http://sciencedude.freedomblogging.com/ ... c-railway/
  by RailVet
I visited NWS Seal Beach on January 24 and found the railway to be very dormant. The two GE 80-tons are inside the locked-up enginehouse and there's rust on the rails in front of it, indicating no movement. The base railway system seems to be mostly intact, although Google Earth shows the big rail yard in the lower center of the restricted area has disappeared.
  by erielackawanna
I wrote the Public Information officer there a few months back. He suggested that the next time they have an open house with a navy ship, maybe (no promises, just maybe if he can make it work), he would get a train put on display too. Fingers are crossed.
  by RailVet
It looks like the answer to the original question is "Yes."


End of Rail System at Seal Beach to Save Money, Increase Environmental Benefits
Story Number: NNS100205-13
Release Date: 2/5/2010 1:16:00 PM
By Lori Bero, Naval Weapons Station Seal Beach Public Affairs

SEAL BEACH, Calif. (NNS) -- The Naval Weapons Station (NWS) Seal Beach locomotive took one of its last drives through the base Jan. 29 as a part of a decision which will reduce the facilities transportation costs, increase efficiency and provide several environmental benefits.

"Things come and things go," said Navy Munitions Command, CONUS West Division (NMCCWD), Det. Seal Beach Locomotive Operator and Materials Handler Raymond Chavez. "The rail system has been a part of history here at the weapons station. It is sad to see it leave, but the farewell has been a good one."

The decision to suspend locomotive operations was made in 2008, shifting the transportation of ordnance on the base from a rail and truck operation to an all-truck operation.

A study and year-long trial determined an all tractor/trailer operation would save $368,000 per year, and provide a more efficient and environmentally-friendly method of moving ordnance than the rail system with no negative effect on supporting the fleet.

Chavez is the last former locomotive engineer at Seal Beach, and after 15 years of operating the trains, he transitioned to other roles at the facility including forklift installer and safety coordinator for ordnance.

According to NMCCWD Ordnance Process Manager Scott Spohr, the Seal Beach train system was aging, and would not have been cost-effective to continue operating.

"The locomotives and railcars now being dismantled have exceeded two-times their service life and would have required over $12 million in recapitalization if the rail were to continue to operate," he said.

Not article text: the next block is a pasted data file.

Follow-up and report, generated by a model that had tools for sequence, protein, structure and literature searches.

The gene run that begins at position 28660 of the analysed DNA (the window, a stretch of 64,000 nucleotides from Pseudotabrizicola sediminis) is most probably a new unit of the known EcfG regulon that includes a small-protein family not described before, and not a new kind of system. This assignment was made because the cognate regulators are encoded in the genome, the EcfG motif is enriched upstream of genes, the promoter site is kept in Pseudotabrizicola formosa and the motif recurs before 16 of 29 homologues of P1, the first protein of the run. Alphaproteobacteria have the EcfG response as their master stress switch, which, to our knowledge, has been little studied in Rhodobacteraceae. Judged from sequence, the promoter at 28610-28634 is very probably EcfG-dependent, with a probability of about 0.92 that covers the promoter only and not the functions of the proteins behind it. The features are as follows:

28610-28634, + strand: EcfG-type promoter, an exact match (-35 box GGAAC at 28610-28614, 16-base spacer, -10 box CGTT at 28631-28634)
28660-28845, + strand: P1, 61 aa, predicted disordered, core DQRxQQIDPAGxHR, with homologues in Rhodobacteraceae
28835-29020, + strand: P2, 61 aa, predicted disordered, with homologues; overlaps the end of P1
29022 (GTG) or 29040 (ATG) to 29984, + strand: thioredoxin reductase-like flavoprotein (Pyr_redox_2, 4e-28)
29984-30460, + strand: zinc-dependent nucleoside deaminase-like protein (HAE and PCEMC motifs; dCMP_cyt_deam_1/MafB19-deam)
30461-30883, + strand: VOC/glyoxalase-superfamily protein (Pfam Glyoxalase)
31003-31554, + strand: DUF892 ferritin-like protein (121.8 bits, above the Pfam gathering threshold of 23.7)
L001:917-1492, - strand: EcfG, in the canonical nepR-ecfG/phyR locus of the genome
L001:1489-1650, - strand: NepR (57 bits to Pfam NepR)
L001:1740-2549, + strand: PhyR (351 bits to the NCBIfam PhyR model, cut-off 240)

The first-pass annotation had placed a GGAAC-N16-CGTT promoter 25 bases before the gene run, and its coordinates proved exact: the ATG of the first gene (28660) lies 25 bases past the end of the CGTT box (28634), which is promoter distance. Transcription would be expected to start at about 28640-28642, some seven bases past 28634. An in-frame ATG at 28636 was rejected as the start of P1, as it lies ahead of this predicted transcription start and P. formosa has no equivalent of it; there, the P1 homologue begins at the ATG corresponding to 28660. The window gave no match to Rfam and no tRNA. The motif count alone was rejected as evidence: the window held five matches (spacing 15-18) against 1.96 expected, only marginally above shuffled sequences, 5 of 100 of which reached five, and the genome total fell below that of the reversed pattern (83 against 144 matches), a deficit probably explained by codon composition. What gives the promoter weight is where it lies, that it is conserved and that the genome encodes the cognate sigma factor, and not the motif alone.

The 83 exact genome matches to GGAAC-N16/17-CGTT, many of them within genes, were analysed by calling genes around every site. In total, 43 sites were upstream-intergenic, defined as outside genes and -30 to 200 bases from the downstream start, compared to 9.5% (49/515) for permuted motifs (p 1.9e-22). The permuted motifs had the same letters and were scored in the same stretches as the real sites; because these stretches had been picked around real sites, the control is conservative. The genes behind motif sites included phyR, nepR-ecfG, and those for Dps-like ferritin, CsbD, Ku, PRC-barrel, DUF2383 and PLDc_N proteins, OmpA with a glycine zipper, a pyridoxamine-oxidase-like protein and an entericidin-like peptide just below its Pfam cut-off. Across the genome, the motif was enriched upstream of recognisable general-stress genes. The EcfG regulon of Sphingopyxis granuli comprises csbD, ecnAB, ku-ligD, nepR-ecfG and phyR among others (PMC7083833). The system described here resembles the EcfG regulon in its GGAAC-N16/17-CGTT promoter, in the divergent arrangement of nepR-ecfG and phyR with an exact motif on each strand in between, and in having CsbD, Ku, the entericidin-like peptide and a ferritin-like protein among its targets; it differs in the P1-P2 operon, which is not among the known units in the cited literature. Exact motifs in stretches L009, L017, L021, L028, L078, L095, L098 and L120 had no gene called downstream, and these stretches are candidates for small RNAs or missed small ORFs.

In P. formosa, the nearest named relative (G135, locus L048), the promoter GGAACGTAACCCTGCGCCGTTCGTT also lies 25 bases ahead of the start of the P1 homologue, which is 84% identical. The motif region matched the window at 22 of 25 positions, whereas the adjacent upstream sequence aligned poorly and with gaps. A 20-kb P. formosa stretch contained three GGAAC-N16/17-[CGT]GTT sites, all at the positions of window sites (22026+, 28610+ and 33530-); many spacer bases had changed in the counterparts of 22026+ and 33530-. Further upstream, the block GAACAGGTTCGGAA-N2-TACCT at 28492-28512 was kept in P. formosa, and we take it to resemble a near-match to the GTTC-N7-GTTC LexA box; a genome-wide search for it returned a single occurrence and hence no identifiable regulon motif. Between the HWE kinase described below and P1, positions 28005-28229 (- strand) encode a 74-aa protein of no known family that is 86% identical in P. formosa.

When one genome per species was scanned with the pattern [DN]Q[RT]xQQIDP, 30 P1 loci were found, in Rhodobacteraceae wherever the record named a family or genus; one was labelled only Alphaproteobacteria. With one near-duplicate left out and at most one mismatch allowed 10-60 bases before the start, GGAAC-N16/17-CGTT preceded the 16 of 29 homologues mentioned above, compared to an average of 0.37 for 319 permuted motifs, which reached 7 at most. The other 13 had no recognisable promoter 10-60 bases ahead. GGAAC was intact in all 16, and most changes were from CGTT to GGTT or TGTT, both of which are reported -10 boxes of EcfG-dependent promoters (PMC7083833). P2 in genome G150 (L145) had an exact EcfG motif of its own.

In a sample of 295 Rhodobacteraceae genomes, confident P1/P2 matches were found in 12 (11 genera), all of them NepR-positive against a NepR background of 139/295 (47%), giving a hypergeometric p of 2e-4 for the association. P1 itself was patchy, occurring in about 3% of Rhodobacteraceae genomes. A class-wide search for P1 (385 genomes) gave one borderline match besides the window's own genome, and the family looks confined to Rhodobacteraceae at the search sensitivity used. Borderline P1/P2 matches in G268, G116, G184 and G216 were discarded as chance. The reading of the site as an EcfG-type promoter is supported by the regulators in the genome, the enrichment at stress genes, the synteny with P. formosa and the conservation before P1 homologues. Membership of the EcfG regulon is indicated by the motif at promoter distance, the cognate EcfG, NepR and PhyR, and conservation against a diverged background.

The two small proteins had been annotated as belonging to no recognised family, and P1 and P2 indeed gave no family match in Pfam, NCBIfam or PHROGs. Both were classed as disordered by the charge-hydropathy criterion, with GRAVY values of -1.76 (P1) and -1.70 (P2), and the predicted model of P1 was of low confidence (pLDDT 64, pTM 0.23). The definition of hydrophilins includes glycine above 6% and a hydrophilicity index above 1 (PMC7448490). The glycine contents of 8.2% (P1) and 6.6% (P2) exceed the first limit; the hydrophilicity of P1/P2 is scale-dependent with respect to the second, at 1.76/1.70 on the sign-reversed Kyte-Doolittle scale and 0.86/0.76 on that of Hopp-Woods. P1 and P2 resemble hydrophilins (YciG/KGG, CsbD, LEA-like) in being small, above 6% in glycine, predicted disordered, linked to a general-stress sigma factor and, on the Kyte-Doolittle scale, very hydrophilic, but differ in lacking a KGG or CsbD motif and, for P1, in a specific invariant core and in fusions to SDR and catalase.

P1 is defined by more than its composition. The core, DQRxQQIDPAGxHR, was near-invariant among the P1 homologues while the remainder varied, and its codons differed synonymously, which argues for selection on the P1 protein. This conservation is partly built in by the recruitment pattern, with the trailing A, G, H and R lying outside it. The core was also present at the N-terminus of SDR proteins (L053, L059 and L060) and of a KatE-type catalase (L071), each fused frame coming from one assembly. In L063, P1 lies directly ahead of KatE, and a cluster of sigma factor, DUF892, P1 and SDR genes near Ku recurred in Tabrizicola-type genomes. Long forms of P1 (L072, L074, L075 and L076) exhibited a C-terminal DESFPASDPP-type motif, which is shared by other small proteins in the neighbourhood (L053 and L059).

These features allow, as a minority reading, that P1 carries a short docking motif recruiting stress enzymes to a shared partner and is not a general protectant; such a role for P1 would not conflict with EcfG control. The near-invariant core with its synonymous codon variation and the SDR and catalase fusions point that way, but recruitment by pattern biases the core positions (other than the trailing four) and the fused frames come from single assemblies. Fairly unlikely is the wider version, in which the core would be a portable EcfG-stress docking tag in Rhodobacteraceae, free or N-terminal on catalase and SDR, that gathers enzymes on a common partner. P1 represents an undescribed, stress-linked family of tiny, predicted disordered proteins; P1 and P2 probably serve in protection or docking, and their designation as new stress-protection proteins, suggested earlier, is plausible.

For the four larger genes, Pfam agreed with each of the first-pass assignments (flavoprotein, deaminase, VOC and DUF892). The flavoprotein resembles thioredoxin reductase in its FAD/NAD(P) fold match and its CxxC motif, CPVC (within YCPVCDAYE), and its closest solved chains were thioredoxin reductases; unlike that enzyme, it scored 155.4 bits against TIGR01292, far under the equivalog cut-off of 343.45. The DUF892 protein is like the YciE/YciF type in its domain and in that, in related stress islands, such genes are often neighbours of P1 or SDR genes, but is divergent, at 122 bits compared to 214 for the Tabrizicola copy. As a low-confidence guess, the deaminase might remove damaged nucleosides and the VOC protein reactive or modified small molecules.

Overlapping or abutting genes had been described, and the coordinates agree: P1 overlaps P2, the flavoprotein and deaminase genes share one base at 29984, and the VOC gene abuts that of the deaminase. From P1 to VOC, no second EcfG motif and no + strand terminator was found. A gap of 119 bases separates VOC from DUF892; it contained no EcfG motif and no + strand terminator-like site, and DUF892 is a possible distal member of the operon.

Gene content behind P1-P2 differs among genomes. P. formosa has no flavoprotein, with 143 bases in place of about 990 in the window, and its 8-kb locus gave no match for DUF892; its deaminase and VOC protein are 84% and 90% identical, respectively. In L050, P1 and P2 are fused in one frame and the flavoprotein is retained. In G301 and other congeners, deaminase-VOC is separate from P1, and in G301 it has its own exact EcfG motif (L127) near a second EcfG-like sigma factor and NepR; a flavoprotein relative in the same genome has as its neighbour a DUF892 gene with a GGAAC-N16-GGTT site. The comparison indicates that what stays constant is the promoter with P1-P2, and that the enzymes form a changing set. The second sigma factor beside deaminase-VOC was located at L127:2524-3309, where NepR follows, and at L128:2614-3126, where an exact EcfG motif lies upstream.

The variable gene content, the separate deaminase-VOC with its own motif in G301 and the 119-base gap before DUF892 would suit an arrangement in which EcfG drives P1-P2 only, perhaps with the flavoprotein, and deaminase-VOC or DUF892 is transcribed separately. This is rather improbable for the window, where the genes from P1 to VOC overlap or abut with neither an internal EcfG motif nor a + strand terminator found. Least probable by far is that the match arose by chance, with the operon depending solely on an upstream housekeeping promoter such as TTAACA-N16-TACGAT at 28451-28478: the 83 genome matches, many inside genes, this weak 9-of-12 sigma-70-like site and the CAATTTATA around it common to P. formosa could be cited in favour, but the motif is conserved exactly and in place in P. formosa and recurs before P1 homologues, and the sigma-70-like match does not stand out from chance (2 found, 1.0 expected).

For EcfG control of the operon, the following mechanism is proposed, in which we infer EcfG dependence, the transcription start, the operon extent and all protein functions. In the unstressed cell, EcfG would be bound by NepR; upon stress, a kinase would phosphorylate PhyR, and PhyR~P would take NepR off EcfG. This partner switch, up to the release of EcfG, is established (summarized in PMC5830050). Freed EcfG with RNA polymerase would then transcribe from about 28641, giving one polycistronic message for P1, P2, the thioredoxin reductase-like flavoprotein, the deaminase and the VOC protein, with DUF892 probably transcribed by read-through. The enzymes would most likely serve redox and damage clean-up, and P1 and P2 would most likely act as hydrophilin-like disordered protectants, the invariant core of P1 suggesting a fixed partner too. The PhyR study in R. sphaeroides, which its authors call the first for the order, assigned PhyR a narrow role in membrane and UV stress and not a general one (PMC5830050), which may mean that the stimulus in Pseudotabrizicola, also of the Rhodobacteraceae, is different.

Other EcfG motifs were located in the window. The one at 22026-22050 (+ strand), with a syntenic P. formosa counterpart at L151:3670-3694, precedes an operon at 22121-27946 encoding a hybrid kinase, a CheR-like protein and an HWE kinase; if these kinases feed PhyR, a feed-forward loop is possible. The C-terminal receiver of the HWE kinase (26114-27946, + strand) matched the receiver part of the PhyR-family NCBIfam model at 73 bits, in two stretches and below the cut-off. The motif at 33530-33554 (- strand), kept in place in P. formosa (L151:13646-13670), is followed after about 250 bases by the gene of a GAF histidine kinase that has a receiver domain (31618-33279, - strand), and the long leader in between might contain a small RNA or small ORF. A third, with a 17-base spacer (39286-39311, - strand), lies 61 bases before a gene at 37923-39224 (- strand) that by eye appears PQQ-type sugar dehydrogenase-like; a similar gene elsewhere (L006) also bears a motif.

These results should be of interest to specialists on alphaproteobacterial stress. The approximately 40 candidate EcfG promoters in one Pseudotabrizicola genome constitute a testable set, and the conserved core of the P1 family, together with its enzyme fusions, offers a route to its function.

Additionally, income from recycling the rail line and locomotives has the potential to help offset the start-up costs from the switch, as well as provide a significant environmental impact, according to Spohr.

"By eliminating locomotives, the Seal Beach Installation has reduced air emissions, removed the environmental liability of the locomotive roundhouse, and removed creosote railroad ties near sensitive habitat," he said.

Naval Weapons Station Seal Beach Air Quality Program Manager Paul Nguyen said without using the locomotives benefits the facility in several ways.

"The trucks improve our air emissions a great deal," he said. "The trucks are newer and emission is lower, while the locomotives use more fuel to just carry their own weight and warm up."

Once the all-truck system was put into place, additional benefits became apparent, said Rich Deniz, Det. Seal Beach ordnance operations head.

"Ammunition is placed into stock faster than previously accomplished with the train. Onloads are more efficient as well," he said.

For more news from Naval Weapons Station Seal Beach, visit http://www.navy.mil/local/sealbeach/
  by RailVet
I looked at this one today in Google Earth and, while much of the track on base is still intact, a great deal of it has been pulled up. Also, the track from the rail gate on the northeastern side of the base to the commercial interchange at Hoover Street and Hazard Avenue has been pulled up and grade crossing repaved, so there's no longer a connection to the national rail network. Looks like this one's a goner.
  by FLRailFan1
Seal Beach is gone? I wonder what they'll do with the locos!